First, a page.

The Biosafety Unit oversees safety and compliance for all research involving biological materials on the CU Boulder campus. In collaboration with the Institutional Biosafety Committee, the Biosafety unit provides knowledge, support, and audits. Regulated biological materials in research include biological agents, infected animals or tissues, recombinant DNA, select agents and toxins, and work with human blood, bodily fluids, and tissues, or cells in culture.
Resources on this site are amassed to assist you in executing research involving biological material while staying safe and compliant.
The first step for all Principal Investigators using biological materials is to secure IBC authorization.
- Basic Biosafety
- Bloodborne Pathogen
- Biosafety Cabinet
- Recombinant or Synthetic Nucleic Acids
- Shipping Biological Materials
- Animal Biosafety Level One
- Animal Biosafety Level Two
Biological Sample Inventories
In light of the recent lapses in biosafety practices involving federal laboratories, the National Security Council and Office of Science and Technology Policy sent a joint memo to all federal departments and agencies involved in life-sciences research urging them to take immediate and longer-term steps to address the underlying causes of the incidents and strengthening overall biosafety and biosecurity at federal facilities. Click here for the NSC/OSTP memo.
In response, Dr. Francis Collins, Director of the NIH, released a statement on August 27, 2014 designating September as National Biosafety Stewardship Month.
In the month of September, NIH laboratories did, and grantee institutions and/or contractors were encouraged to, do the following:
- Reexamine current policies and procedures for biosafety practices and oversight to ascertain whether they require modification to optimize their effectiveness;
- Conduct inventories of infectious agents and toxins in all laboratories to ensure that the institution has a record of which infectious agents and toxins are being utilized, has documentation that those materials are properly stored under the appropriate containment conditions, and has documentation that cites the party responsible for appropriate stewardship of the materials; and
- Reinforce biosafety training of investigators, laboratory staff, and members of IBCs to include:
- Reexamining training materials and practices being utilized by the institution;
- Updating materials as appropriate; and
- Ascertaining the appropriate frequency of training and conduct training when the interval between training or other considerations warrant it.
What do you need to do?
It’s time to clean shop and create/update an inventory – do you know what’s in your lab’s freezers?
UCB researchers are responsible for what is in their laboratories. Please discuss this topic with your lab members and update your lab’s inventories of biological materials. It not only keeps you aware of the agents for which you are ultimately responsible, but it will also help create space in your freezers by getting rid of those tubes that you no longer need. Freezer clean-outs are good laboratory practice, and they help keep your freezers running well and efficiently, thereby decreasing the risk of freezer malfunction and sample loss. A proper inventory should also greatly reduce the amount of time needed to find a sample from the freezer.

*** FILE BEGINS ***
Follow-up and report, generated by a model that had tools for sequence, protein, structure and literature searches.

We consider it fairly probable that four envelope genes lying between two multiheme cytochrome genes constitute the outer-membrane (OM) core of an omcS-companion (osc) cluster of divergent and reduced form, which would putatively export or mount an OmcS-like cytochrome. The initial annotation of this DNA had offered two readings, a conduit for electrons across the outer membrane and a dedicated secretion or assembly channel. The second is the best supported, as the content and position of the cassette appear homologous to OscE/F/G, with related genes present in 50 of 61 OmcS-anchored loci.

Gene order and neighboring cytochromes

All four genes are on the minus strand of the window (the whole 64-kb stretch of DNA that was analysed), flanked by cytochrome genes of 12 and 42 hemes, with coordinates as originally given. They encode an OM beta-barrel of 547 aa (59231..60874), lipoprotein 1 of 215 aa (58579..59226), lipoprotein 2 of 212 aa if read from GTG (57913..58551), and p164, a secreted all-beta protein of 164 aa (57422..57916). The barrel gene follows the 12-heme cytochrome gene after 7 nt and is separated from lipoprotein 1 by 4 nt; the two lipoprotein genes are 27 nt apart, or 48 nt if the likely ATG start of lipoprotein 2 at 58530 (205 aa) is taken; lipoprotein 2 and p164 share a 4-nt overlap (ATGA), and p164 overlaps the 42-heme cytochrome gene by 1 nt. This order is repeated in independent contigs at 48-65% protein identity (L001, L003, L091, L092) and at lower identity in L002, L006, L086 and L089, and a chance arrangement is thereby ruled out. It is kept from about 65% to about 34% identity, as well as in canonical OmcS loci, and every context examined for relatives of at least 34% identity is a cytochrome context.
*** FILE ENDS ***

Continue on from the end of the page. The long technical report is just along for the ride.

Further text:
Below are a few examples of templates that can be used for your inventory:
In addition to training, you can use our library of resources to stay on top of safety and compliance. You’ll find helpful reference material including IBC documentation.
We conduct Biosafety audits annually to support ongoing safety. You can ensure that your lab will pass by using the checklist provided below. This audit is part of the IBC post-approval monitoring.
Procedures for Biological Material Involved Work-Related Injuries or Illness
For work-related injuries or illnesses that include animal bites, severe allergic symptoms, sharps exposures, and any exposure—or potential exposure—to recombinant DNA or any other biological materials, it is critical that all safety procedures be followed. These events must be reported to the campus Biosafety unit. It is the policy of the University that all incidents that result in an injury (or severe illness) to faculty, staff, or students be appropriately documented and reported. Please reference the below document that provides information on medical treatment, reporting procedures, and worker’s compensation eligibility.
Maintaining pest control in biological laboratories is essential to overall campus safety. Facilities Management is charged with implementing and enforcing the campus-wide pest control use policy. Their staff is on hand to handle all pest control needs.
Infectious agents and toxins that are considered by the Department of Health and Human Services (DHHS) or the United States Department of Agriculture (USDA) as having the potential to pose substantial harm or a severe threat to human, animal, or plant health or plant products are regulated as “select agents”.
Select agents in any quantity are not permissible at CU Boulder. Toxins are permissible when in exempt quantities only. If you would like to work with toxins in exempt quantities, please contact the Biosafety unit.
Select Agent Resources
Guidance for Cleaning out Low Temp Freezers
This document describes procedures to help laboratories clean out and dispose of unused or unwanted items contained in ULT freezers and other freezers and refrigerators. All items removed from any freezer or refrigerator must be carefully evaluated to ensure that they are disposed of properly. Please look at the document below for more information.